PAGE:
Current Concepts In Treating Puncture Wounds
- Volume 24 - Issue 10 - October 2011
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The ulcers at the time of the initial visit measured approximately 0.9 cm x 0.7 cm x 0.3 cm and 0.7 cm x 0.5 cm x 0.3 cm respectively.
The primary dressing consisted of hydrogel covered with Vaseline impregnated gauze and an absorbent foam pad. Eventually, Fibracol was part of the dressing protocol.
Due to the presence of varicosities and some localized edema, the physician utilized mild compression in the form of an Unna boot with an elastic bandage covering.
At the time of the 12th dressing change, during debridement of the more proximal of the two wounds, the physician noted that the small bone curette began “clinking” upon a newly discovered hard area within the wound. Using a forceps, the physician extracted a 1 mm, distinctively curved, sharp, off-white hard object, which was consistent with the distal end of a cat’s claw. A pathologist determined the composition of this foreign object.
At the time of the 14th visit, the patient received an application of Apligraf (Organogenesis). The patient continued to make progress with twice a week compression dressing changes. The wounds resolved. The patient was discharged approximately four months after the first encounter and nearly nine months from the time of onset. The more proximal site where the surgeon removed the claw remnant resolved after the other site and no further complications occurred during the course of treatment.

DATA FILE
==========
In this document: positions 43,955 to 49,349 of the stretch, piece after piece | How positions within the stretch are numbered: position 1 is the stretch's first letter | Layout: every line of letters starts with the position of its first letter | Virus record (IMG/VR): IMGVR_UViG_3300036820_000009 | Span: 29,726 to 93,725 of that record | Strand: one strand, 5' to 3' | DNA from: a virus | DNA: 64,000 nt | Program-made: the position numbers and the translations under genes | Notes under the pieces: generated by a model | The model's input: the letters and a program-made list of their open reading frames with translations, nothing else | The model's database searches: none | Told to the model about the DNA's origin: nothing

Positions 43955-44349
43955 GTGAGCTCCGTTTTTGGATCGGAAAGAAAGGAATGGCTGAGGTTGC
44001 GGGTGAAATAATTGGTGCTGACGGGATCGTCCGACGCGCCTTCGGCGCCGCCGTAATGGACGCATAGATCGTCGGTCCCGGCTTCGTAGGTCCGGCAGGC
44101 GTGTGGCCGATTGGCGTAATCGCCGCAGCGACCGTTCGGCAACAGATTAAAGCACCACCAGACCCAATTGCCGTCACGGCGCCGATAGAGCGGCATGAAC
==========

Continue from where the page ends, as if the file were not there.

Most puncture wounds do not cause significant long-term problems and typically heal without complication.
Patients who seek treatment do so for precautionary reasons, such as seeking a tetanus booster shot or when worsening of the condition becomes apparent.
In patients who have a true infection, aggressive treatment must occur or the risk of further limb- or life-threatening complications may ensue. Treatment includes aggressive debridement, excision of any foreign bodies and proper antibiotic selection based on deep culture results. Medical management is also critical to monitor for trending or progression to sepsis.
One should treat patients with diabetes and children who present with puncture wounds in a more emergent fashion as advanced infections in these populations may have a significant incidence of accompanying osteomyelitis.
Proper wound care is also an important aspect of managing these patients in order to prevent re-infection and ensure efficient and optimal healing.
Dr. Bell is a board certified wound specialist of the American Academy of Wound Management and a Fellow of the American College of Certified Wound Specialists. He is the founder of the “Save a Leg, Save a Life” Foundation, a multidisciplinary, non-profit organization dedicated to the reduction of lower extremity amputations and improving wound healing outcomes through evidence-based methodology and community outreach.
Dr. Swain is in private practice at the Limb Salvage Institute in Jacksonville, Fla.
1. Okoromah CAN, Lesi AFE. Diazepam for treating tetanus. Cochrane Database of Systematic Reviews 2004, Issue 1. Art. No.: CD003954. DOI: 10.1002/14651858.CD003954.pub2
2. Available at http://www.mayoclinic.com/health/tetanus/DS00227/DSECTION=symptoms .
3. Joseph WS. Pedal puncture wound infections. In: Joseph WS, ed. Handbook of Lower Extremity Infections. Churchill Livingstone Inc., Philadelphia, pp. 69-75, 1990.
4. Pennycook A, Makower R, O’Donnell AM. Puncture wounds of the foot: Can infective complications be avoided? J R Soc Med. 1994; 87(10):581–583.
For further reading, see “Inside Insights On Treating Puncture Wounds” in the November 2006 issue of Podiatry Today, “How To Achieve Optimal Treatment Of Puncture Wounds” in the January 2007 issue or “How To Address Puncture Wounds” in the September 2007 issue.